That said, I have an 8/4 teak countertop in my kitchen, it's plank, edge glued (epoxy), with an undermount sink. The countertop is 2" thick by 30" deep, and about 18' long.

Can't recall how long it's been in...maybe 6 or 7 years? Still looks great. No issues. I hit it with mineral oil about every 4 to 6 months.


    Bookmark   November 9, 2008 at 11:17PM
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Thanks, Mongo.

FWIW, the shrinkage/expansion numbers for teak are less than half those of hard maple.

    Bookmark   November 10, 2008 at 7:42AM
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OK, I have selected a farm style sink instead of a true undermount, so it is installed in the cabinet instead of attached to the countertop. Althought it is still considered to be undermounted, I plan on applying a bead of silicone bead from the outside, and joint can be redone down the road (hopefully without too much trouble)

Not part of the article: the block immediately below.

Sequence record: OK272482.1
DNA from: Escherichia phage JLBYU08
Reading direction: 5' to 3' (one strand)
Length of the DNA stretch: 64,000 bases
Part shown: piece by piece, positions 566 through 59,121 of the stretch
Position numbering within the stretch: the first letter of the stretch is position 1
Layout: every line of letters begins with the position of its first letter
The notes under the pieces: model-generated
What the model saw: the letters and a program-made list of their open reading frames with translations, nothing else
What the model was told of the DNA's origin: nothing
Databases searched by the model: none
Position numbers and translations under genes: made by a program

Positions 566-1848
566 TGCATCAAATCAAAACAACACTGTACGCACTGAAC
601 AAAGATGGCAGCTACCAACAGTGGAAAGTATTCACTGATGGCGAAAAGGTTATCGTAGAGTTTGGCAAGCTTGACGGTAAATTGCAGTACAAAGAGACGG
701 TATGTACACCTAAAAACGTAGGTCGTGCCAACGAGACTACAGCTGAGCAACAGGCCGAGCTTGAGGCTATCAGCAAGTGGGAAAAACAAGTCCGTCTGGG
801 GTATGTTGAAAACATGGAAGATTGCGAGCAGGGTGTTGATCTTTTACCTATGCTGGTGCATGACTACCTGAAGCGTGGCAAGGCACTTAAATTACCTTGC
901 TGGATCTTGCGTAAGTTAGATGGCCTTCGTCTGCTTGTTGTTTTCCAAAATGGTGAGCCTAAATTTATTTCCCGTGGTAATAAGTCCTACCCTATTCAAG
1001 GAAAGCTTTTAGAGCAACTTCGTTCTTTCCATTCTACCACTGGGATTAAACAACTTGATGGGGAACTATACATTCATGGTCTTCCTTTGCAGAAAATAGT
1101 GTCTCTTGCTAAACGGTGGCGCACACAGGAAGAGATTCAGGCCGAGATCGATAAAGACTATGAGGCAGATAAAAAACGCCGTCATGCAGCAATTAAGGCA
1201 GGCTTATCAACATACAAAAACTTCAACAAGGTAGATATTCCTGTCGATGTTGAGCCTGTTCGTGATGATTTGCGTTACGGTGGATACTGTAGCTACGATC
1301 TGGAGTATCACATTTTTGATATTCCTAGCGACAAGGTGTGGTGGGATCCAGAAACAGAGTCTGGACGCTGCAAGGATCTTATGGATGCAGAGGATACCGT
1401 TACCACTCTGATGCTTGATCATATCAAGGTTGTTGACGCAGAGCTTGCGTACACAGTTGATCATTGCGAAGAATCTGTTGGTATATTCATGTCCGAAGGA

I think that is one step away from the issues mentioned here.

    Bookmark   November 10, 2008 at 11:04PM
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A number of problems occur with wood and moisture.

No finish is completely vapor proof.
All the finish does is slow down the movement of water vapor.

If you have end grin butcher block (the end grain faces up) the cutout for the sink will be in side grain and not as prone to absorbing moisture.

The side grain 'butcher block' is not really butcher block (butcher's blocks use end grain for long life and it is easier on the knives).

The side grain on the face of the counter means that end grain will be exposed on two sides of the sink cutout.

End grain soaks up moisture quickly and easily.

You also need to consider movement of the wood.